Species Factsheets

Quercus shumardii

Shumard Oak

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State Status: Pennsylvania Endangered (PE)
PBS Status: Pennsylvania Endangered (PE)
Federal Status:

Global Rank: G5 rank interpretation
State Rank: S2

Did You Know?

Galls produced by the tree are astringent and can be used in treating haemorrhages, dysentery, diarrhoea and more.

Quercus shumardii


Shumard oak (Quercus shumardii) is a large, deciduous tree that reaches up to 30m in height. It has gray, furrowed bark and grayish-brown, dull, bud scales on the mature branchlets. The leaves are alternate and deeply lobed. Each leaf has seven to nine sharply toothed lobes that tend to widen slightly toward the tip. The 10-18cm leaves are dark green above, and paler green below with hairs clustered in the leaf axils.

Rank Justification

Imperiled in the nation or state because of rarity due to very restricted range, very few populations (often 20 or fewer), steep declines, or other factors making it very vulnerable to extirpation from the nation or state.


The PA Biological Survey considers Shumard oak to be a species of special concern, based on the relatively few occurrences that have been confirmed. It has been assigned a rarity status of Endangered.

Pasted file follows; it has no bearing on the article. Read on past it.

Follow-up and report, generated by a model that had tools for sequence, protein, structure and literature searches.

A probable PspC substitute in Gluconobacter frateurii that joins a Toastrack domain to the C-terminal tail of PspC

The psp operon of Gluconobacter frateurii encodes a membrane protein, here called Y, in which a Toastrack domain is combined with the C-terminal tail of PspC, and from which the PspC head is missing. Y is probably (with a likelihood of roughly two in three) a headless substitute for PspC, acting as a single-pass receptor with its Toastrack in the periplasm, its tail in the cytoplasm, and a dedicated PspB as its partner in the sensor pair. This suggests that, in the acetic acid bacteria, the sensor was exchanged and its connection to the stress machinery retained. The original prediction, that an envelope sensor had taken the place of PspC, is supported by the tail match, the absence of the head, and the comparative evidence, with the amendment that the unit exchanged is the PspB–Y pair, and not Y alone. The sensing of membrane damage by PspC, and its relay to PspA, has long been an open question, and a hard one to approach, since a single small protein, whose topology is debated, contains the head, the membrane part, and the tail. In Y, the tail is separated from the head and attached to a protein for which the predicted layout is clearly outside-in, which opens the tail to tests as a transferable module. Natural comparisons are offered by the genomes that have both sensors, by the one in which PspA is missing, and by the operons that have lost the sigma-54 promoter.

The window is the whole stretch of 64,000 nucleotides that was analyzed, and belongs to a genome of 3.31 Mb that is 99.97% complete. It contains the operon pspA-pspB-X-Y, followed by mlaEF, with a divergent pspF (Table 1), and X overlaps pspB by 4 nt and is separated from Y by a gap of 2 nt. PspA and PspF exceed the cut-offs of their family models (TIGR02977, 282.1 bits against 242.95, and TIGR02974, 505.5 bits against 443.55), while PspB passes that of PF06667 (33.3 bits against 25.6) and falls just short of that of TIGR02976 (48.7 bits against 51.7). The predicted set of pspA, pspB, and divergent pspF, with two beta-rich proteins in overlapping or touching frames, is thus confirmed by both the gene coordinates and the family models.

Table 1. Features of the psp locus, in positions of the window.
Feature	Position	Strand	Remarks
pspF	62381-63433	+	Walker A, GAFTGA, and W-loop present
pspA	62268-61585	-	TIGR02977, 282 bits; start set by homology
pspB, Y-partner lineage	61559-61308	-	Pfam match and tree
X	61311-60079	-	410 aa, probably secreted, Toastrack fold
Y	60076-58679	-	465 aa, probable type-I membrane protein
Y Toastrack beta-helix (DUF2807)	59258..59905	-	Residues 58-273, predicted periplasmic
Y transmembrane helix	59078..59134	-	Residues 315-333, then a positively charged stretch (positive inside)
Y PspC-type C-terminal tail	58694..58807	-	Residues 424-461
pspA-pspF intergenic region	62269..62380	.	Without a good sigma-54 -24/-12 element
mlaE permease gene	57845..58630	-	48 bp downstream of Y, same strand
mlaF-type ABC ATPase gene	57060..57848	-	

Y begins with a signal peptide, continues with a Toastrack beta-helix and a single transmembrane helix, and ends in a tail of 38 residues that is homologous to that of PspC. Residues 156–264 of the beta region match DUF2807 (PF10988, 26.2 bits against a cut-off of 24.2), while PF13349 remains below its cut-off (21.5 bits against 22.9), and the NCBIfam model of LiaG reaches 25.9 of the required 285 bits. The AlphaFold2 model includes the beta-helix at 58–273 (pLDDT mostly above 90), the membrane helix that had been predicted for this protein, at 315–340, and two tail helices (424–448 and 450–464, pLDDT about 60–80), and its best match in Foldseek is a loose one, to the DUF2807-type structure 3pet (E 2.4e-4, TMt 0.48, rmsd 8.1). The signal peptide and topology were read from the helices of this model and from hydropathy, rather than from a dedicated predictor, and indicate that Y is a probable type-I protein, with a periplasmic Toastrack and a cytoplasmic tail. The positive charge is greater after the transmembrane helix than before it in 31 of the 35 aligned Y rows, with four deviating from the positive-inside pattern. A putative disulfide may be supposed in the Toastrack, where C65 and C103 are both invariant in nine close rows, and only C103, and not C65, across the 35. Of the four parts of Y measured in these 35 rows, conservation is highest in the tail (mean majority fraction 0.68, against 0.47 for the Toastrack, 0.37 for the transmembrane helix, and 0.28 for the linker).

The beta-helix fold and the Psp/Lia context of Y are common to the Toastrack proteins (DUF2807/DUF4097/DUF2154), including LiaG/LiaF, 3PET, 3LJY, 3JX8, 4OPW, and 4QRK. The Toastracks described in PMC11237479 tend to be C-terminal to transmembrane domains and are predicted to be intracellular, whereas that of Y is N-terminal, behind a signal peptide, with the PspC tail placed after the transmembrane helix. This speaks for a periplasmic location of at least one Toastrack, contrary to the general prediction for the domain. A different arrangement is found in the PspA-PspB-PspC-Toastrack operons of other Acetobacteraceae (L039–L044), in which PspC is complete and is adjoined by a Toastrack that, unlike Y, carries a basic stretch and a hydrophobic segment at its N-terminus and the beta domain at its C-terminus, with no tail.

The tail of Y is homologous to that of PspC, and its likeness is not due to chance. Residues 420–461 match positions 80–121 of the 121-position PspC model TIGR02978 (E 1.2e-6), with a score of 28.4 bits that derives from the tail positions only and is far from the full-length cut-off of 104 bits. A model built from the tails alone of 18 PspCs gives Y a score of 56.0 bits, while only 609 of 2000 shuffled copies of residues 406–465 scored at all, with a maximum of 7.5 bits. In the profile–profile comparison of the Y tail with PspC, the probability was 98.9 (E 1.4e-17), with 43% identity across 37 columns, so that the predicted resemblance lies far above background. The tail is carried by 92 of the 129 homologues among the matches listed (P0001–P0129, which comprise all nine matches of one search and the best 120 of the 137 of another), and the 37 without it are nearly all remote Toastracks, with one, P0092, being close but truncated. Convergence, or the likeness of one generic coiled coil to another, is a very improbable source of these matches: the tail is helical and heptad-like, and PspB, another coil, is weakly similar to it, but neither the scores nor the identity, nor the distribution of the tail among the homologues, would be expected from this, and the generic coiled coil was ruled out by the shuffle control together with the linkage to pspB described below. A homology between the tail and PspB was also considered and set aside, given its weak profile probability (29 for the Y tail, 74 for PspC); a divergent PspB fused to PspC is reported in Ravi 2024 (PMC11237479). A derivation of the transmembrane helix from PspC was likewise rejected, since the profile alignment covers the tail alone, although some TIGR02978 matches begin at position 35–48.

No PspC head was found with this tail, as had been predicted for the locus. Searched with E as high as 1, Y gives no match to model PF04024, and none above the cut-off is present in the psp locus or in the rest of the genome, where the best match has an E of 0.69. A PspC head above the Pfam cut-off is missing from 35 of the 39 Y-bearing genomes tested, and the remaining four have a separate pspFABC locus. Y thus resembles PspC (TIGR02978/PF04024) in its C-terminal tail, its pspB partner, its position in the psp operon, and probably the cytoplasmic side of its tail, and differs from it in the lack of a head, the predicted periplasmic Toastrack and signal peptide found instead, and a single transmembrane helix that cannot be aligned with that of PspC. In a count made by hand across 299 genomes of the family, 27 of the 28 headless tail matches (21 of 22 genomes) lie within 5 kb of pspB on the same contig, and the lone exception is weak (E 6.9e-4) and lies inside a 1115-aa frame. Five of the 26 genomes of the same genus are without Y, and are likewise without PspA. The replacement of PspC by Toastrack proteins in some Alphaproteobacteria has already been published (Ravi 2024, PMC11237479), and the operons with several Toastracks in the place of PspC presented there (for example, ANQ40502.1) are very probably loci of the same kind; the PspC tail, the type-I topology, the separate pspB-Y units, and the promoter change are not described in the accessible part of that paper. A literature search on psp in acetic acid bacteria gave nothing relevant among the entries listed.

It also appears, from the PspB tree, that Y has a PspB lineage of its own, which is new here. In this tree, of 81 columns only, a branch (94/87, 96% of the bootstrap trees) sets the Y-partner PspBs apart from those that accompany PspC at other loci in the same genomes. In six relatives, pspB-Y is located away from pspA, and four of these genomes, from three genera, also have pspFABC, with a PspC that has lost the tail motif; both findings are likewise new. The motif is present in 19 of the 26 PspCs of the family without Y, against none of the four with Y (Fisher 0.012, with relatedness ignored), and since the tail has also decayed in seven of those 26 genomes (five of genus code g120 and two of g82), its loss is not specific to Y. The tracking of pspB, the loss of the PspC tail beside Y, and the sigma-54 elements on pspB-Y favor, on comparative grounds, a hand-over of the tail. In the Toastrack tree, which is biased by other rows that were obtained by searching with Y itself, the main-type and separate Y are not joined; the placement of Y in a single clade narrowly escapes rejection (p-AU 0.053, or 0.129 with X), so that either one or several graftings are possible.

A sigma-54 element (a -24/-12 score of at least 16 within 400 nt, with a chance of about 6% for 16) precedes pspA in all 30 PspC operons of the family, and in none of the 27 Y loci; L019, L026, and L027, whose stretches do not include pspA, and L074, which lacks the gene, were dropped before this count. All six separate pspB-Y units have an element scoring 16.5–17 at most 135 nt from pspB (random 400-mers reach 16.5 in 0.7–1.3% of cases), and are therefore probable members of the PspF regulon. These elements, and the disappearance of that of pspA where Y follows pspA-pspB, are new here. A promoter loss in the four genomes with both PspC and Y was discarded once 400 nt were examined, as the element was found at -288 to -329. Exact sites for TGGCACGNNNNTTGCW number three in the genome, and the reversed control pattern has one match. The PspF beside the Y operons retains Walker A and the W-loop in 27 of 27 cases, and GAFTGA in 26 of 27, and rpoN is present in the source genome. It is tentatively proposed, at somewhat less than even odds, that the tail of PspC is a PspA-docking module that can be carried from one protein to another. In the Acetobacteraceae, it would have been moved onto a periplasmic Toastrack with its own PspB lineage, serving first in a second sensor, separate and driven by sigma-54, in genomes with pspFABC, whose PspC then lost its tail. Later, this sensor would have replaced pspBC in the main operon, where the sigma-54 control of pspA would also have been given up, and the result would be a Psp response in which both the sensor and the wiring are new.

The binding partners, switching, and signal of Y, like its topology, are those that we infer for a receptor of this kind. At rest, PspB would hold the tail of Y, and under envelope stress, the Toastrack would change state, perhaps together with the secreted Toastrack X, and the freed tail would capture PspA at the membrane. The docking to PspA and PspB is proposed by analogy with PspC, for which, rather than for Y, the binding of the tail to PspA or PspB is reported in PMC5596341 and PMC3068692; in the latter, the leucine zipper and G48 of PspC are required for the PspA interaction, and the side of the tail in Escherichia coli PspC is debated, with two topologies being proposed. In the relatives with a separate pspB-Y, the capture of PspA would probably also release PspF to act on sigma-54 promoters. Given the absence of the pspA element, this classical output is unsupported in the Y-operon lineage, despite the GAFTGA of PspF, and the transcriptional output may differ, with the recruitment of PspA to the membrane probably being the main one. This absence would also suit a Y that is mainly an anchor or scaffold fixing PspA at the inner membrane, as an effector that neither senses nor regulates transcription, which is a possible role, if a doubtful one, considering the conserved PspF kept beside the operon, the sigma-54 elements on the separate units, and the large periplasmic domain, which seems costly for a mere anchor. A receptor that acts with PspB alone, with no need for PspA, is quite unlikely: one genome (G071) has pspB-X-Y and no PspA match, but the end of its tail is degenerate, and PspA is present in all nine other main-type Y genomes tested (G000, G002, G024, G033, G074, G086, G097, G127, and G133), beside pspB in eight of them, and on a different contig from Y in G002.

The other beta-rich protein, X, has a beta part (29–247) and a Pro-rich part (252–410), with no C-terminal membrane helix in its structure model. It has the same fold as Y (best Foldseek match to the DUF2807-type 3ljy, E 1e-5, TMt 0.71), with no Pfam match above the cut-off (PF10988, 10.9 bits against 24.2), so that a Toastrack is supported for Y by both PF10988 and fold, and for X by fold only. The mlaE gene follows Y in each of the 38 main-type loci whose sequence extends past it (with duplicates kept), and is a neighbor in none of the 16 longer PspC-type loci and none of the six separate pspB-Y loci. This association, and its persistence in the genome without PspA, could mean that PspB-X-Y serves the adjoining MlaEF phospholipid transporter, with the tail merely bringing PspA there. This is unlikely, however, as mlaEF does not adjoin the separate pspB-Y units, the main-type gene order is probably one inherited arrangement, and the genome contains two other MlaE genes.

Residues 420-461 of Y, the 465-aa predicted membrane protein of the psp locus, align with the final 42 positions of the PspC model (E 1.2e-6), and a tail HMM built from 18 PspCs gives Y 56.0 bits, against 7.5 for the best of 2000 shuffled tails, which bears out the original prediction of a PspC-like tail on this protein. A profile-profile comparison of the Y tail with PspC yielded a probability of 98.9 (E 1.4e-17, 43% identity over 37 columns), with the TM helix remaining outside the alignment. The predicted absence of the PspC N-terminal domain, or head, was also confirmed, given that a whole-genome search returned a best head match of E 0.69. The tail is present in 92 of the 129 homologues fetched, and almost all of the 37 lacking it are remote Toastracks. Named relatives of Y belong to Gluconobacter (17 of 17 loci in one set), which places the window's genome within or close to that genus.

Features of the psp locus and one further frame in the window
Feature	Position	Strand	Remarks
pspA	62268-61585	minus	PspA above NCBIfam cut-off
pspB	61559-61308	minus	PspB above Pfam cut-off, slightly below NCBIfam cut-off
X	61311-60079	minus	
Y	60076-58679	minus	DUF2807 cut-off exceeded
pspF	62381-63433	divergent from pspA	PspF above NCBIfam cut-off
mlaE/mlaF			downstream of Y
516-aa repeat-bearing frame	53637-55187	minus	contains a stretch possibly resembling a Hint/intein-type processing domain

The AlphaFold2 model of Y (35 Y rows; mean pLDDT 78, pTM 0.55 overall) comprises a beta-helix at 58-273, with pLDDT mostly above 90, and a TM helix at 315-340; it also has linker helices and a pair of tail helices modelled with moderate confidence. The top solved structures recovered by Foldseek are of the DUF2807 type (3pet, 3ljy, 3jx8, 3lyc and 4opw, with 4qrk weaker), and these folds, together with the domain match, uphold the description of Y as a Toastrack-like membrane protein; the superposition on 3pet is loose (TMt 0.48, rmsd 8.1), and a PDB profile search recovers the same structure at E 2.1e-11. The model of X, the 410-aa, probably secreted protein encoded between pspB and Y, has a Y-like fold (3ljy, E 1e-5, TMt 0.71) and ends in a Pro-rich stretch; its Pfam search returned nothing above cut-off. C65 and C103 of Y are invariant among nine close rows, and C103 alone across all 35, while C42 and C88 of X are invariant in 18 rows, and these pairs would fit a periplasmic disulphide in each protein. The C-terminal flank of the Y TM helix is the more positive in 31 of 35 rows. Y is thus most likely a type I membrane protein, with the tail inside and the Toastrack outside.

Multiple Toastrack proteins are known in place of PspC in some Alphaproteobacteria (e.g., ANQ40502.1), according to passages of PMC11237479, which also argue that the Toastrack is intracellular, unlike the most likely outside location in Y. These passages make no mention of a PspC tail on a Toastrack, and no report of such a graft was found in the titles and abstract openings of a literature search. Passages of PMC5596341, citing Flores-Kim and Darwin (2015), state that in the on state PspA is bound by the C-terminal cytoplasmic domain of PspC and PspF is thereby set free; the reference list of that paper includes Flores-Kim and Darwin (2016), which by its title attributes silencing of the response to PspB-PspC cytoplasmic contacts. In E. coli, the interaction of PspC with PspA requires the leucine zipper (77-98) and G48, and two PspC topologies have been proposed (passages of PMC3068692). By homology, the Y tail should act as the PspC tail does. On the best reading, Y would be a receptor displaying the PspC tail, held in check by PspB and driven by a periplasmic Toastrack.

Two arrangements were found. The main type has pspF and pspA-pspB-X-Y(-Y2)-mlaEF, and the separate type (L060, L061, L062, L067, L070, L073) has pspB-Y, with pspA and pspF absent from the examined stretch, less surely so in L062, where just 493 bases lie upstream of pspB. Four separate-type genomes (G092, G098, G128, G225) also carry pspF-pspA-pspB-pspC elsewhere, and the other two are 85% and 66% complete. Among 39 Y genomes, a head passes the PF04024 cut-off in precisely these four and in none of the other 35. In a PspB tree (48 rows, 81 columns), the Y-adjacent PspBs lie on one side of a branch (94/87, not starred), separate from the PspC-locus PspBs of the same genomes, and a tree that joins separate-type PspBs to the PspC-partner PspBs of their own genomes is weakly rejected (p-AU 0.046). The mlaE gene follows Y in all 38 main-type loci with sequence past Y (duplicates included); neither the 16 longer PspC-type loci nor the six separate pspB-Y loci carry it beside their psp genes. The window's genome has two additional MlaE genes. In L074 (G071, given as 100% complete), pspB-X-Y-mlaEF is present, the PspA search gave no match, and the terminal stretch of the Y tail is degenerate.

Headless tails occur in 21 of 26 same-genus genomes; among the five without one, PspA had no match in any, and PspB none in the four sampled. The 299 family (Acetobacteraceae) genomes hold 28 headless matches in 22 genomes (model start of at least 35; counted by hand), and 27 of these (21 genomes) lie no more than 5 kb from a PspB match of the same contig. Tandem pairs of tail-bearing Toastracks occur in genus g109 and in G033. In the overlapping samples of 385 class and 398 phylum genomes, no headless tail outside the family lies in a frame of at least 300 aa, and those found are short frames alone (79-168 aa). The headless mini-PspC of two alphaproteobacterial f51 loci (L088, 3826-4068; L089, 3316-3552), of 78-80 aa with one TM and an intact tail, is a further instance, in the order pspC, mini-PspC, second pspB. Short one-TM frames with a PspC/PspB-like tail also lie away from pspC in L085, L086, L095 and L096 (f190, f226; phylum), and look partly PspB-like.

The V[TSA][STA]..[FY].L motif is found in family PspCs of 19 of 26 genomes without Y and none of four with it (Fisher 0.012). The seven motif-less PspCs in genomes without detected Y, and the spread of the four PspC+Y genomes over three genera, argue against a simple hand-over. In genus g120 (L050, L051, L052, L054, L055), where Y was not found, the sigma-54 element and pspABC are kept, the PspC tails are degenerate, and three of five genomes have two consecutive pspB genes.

The species grows in moist to wet woods along streams, bottomlands, and lower slopes, often on calcareous substrate.

Survey Dates

Fruits September - October


In Pennsylvania, it has been found in the south-central and northwestern counties.



Maintenance of known populations and preservation of the communities where Shumard oak grows will be crucial to its survival. Creating buffers around fragmented habitat and removal of invasive species will help to maintain populations and encourage new population growth. The management of the known sites requires long term monitoring of populations. Potential sites for restoration should be evaluated.

Conservation Status Map


Map Legend

NatureServe. 2017. NatureServe Explorer: An online encyclopedia of life [web application]. Version 7.1. NatureServe, Arlington, Virginia. Available https://explorer.natureserve.org.


  • NatureServe. 2018. NatureServe Explorer: An online encyclopedia of life [web application]. Version 7.1. NatureServe, Arlington, Virginia. Available at https://www.natureserve.org/explorer
  • Pennsylvania Natural Heritage Program. 2018.
  • Rhoads, A.F. and W.M. Klein, Jr. 1993. The Vascular Flora of Pennsylvania. American Philosophical Society, Philadelphia, Pennsylvania. Rhoads, A.F. and T.A. Block.
  • 2007. The Plants of Pennsylvania: An Illustrated Manual. 2nd edition. University of Pennsylvania Press, Philadelphia, Pennsylvania.
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